Just as the UK adults are increasingly and actively switching to plant-based alternatives, this trend is now trickling down to children who are influenced by the dietary choices of their parents. According to research by BBC Good Food in September 2021, over 20% of British children are already vegan or are considering becoming vegan in the near future. The research also highlighted that 8% of children between the ages of 5 and 16 are following a vegan diet and 13% are vegetarian. BBC Good Food’s editor Christine Hayes believes that children are attuned to the need to be sustainable; “They are passionate about exploring alternative diets and methods of food production that could be more sustainable for the planet”. This raises the question of whether schools, colleges, universities, and other educational establishments in the UK are doing enough to cater for this developing trend.

US leading the way in introducing Vegan Fridays

Over 1,700 public schools in New York City (NYC) are currently rolling out a new Vegan Friday programme. This is the largest initiative of its type in the whole country and will see children between kindergarten age (5–6-year-olds) and twelfth grade (17–18 year-olds) all being offered a vegan alternative on Friday. This exciting initiative which is being championed by the new mayor of NYC, Eric Adams, is intended to improve the health and quality of life of students in the city. Adams said of the campaign, “In one voice, we talk about fighting childhood obesity, diabetes yet you go into a school building every day, and you see the food that feeds our healthcare crisis…The children have been calling me and saying they want better food in schools, and I’m going to do the best I can to give them the options of a healthier diet so we can stop feeding the crisis”.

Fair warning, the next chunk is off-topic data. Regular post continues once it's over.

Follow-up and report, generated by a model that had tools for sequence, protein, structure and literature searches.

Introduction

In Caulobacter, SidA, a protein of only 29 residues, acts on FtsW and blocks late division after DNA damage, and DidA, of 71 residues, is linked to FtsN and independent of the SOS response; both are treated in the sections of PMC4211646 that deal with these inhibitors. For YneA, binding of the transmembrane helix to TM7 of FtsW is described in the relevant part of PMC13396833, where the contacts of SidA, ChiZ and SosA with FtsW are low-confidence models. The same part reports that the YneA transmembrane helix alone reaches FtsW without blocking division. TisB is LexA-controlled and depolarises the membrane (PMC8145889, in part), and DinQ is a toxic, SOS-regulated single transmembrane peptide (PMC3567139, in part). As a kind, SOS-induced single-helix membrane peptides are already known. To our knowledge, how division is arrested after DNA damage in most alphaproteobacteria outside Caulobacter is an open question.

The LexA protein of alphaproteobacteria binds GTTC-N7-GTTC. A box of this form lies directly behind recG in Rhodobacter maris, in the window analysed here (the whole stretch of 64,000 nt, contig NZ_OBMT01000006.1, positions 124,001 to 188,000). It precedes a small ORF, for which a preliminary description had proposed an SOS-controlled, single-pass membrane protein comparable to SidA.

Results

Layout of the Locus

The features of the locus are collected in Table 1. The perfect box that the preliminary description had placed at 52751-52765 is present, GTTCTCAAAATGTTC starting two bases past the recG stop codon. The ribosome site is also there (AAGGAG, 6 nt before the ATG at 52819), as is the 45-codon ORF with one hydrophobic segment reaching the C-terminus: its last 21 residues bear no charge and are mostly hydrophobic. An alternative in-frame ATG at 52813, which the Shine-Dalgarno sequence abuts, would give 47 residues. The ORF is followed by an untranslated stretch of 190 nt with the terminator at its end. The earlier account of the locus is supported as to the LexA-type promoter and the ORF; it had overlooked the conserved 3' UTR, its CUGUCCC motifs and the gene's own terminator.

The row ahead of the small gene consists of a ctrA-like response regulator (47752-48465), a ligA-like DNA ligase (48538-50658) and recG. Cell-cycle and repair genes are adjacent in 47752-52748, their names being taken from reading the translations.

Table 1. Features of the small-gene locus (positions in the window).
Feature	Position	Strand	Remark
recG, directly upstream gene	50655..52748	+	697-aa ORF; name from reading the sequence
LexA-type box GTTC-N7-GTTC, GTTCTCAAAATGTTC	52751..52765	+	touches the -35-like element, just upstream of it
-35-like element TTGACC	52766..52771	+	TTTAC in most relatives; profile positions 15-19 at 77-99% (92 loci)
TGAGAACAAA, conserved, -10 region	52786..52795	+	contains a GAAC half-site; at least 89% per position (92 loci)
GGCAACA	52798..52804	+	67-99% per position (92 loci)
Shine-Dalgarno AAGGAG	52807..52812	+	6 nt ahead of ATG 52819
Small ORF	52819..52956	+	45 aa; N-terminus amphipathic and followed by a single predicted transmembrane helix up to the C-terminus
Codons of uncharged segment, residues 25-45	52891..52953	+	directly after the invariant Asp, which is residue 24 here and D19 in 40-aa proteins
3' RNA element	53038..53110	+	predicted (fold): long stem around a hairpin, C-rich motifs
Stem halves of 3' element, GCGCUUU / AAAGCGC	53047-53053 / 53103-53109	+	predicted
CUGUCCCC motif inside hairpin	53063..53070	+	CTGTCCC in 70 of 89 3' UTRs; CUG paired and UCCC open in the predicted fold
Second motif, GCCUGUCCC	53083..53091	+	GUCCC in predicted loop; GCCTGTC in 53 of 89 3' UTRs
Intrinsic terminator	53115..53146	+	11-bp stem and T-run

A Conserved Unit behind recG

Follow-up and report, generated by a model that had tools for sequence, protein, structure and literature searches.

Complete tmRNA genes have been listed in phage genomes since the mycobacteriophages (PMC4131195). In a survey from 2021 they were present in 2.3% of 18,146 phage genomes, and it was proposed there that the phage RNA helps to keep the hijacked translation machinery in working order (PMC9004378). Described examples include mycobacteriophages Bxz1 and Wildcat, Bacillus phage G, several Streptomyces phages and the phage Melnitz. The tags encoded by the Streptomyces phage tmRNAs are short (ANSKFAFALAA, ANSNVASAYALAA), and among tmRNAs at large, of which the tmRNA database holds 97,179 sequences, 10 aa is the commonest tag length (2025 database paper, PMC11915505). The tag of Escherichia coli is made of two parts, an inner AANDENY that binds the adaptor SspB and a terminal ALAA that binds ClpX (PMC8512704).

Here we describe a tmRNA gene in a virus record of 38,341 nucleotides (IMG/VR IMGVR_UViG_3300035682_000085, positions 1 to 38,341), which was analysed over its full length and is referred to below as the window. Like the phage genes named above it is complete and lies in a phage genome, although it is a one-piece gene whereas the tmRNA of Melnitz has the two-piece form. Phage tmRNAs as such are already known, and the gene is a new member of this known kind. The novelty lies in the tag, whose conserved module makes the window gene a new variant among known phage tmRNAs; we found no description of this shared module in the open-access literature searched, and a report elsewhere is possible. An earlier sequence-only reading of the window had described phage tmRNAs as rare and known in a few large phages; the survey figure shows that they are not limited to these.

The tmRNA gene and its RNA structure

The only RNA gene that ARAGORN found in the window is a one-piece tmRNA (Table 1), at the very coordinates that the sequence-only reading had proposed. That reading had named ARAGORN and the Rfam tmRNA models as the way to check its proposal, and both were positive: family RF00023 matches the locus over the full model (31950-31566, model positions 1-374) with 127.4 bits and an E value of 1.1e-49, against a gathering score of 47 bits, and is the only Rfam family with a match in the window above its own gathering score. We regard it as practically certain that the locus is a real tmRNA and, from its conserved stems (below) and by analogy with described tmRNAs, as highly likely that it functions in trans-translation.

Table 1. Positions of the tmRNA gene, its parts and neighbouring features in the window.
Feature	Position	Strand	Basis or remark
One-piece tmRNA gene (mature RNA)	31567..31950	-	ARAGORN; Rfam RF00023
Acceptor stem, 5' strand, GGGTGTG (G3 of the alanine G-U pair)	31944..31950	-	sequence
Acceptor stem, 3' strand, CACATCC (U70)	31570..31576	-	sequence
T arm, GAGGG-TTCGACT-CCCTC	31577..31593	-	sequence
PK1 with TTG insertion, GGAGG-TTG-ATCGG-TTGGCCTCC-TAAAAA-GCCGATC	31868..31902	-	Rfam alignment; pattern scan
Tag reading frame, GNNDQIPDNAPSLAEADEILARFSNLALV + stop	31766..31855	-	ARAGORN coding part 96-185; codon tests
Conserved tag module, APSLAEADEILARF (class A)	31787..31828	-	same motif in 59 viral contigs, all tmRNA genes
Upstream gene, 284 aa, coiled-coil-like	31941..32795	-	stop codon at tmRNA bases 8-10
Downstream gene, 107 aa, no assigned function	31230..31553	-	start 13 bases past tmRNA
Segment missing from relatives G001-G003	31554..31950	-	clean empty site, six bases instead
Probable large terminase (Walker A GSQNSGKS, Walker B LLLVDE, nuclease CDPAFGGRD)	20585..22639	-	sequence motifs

Interestingly, Eric Adams has much to be thankful for when it comes to eating a plant-based diet. He became vegan in 2016 and credits his diet for reversing his advancing diabetes.

What does the UK’s school food guidance recommend?

The Department of Health provides a great deal of guidance and defines requirements when it comes to how schools in the UK should feed pupils. It recommends that a child’s healthy balanced diet should consist of:

  • plenty of fruit and vegetables
  • plenty of unrefined starchy foods
  • some meat, fish, eggs, beans and other non-dairy sources of protein
  • some milk and dairy foods
  • a small amount of food and drink high in fat, sugar and salt

While the guidance does not prescribe a vegan or plant-based diet, it does recommend provision for vegetarians and a meat-free day once per week. Specifically, the government’s guidance advises:

  • encouraging all children to have a meat-free day each week, using alternatives such as pulses, soya mince, tofu and mycoprotein-based meat substitute
  • providing a portion of non-dairy protein on 3 or more days each week for vegetarians
  • ensuring vegetarian meals are as varied as the rest of the menu by using pulses twice a week, soya, tofu, or mycoprotein-based meat substitute once or twice each week, and eggs and cheese once or twice each week

Is it time for schools to go beyond the guidance?

It is notable that the Department of Education only requires that schools encourage pupils to eat a meat-free alternative once per week. Also, the meat-free option may still contain dairy and eggs. The reality is that children are watching what their parents are eating and hearing the message that going plant-based is not only better for their health but it is also essential in the fight against climate change. If schools don’t start to catch up and perhaps consider offering a wholly vegan option once a day, they may find themselves losing popularity and favour with their customers; our children. Ultimately, they have the right to have a say in what they eat each day hence it may be time to start listening to what they want.